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2 PhDs: Long-Term Bed Degradation in Rivers: Causes & Mitigation, Delft University of Technology (TU Delft), the Netherlands
Civil Engineering and Geosciences 
The Faculty of Civil Engineering and Geosciences of Delft University of Technology (TU Delft) provides leading international research and education, with innovation and sustainability as central themes. Research and education are closely interwoven and address societal challenges. The faculty consists of the departments of Transport and Planning, Structural Engineering, Geoscience and Engineering, Water Management, Hydraulic Engineering, and Geoscience and Remote Sensing. The Department of Hydraulic Engineering focuses on an improved understanding of physical processes in river, coastal, and estuarine systems and the design of sustainable interventions that increase safety. The main research themes of the department's Rivers group are: the prediction of (long-term) morphodynamic changes, sediment sorting, flow over groynes and obstacles, river bank processes, interaction between flow and vegetation, and uncertainties in fluvial modelling. Key components of our research are analytical and numerical modelling, laboratory experiments, and analysis of field observations.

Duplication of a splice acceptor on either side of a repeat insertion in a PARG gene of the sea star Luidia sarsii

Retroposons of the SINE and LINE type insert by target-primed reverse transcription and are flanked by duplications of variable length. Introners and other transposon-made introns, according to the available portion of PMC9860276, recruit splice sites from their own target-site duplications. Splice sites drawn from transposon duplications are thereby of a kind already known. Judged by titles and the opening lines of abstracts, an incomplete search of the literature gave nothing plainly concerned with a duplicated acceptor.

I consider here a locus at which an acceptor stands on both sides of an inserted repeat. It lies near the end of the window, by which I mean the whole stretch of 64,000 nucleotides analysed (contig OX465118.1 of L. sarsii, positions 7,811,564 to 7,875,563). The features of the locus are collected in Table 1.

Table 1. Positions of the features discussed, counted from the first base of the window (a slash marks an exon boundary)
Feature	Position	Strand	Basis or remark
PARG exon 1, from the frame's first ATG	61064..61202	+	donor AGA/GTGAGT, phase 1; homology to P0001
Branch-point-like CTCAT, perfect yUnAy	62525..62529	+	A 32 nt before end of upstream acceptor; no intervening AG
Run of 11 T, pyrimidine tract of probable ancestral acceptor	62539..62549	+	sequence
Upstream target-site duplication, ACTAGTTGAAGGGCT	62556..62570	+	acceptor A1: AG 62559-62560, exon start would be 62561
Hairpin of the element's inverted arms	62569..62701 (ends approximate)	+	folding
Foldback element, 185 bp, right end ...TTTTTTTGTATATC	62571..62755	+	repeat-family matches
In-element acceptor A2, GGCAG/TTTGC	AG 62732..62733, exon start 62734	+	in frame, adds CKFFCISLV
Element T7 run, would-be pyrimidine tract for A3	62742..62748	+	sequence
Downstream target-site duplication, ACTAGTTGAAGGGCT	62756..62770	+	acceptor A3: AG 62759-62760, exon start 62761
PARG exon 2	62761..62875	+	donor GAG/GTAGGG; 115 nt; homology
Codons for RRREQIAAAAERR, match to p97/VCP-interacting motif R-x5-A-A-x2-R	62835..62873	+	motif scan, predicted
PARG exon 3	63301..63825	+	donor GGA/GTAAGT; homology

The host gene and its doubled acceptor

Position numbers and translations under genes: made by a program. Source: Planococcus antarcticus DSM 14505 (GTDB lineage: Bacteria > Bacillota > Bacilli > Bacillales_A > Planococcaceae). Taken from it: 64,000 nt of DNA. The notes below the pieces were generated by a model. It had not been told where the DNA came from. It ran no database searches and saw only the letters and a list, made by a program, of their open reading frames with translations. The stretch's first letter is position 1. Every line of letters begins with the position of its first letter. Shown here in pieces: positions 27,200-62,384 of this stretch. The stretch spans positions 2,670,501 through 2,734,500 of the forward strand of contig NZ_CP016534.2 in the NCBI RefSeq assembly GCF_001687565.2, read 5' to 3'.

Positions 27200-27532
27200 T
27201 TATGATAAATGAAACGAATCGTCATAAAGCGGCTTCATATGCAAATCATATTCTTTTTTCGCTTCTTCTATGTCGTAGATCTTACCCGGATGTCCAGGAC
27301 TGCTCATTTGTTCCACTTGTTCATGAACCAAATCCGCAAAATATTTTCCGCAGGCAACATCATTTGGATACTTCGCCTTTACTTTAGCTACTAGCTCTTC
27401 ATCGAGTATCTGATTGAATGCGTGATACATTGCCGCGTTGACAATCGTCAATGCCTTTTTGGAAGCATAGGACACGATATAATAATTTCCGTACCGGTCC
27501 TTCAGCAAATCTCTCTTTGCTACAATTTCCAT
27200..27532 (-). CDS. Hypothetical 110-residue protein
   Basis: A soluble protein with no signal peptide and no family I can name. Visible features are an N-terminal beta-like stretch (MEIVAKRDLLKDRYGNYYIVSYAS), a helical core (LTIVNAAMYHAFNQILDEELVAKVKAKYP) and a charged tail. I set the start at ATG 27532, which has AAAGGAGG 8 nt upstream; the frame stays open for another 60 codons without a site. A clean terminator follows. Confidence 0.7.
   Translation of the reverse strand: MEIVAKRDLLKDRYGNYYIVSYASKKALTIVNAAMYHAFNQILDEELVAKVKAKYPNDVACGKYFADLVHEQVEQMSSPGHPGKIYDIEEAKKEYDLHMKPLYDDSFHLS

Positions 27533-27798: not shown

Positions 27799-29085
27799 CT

Job description 
The upstream Dutch Rhine is experiencing bed degradation at a rate of 2 cm per year. This erosion causes severe problems for navigation and river management: nonerodible reaches hamper navigation, and in-channel structures are destabilised. Such ongoing bed degradation is also observed in the German Rhine, the Elbe River, and the Danube River. German water management authorities have conducted sediment augmentation measures since 1978 to mitigate the bed degradation, and in 2016 Rijkswaterstaat will conduct a large-scale field experiment (at a cost of €15M ) to investigate whether augmentations can counteract the degradation of the Dutch Rhine (one of the largest European rivers) and to constrain augmentation rates and sediment sizes for future augmentations. 

The current research project focuses on the above bed degradation problems and consists of two PhD positions (A and B). Their objectives are. 
(A) to fully understand the causes of the ongoing bed degradation; 
(B) to predict the short-term and long-term effects of mitigation measures on river longitudinal profiles. In particular, we will focus on the characterisation of the equilibrium of the river longitudinal profile, i.e. a condition in which the longitudinal profile and the spatial variability of channel sediments do not change in time, as this is the state the river tends to achieve in the long term. Second, we will study the causes of the long-term degradation in terms of (a) narrowing and straightening measures conducted in the 19th and 20th centuries, and (b) extensive dredging in the past, (c) dam construction, and (d) coarse -compared to the transported sediment- augmentation measures performed on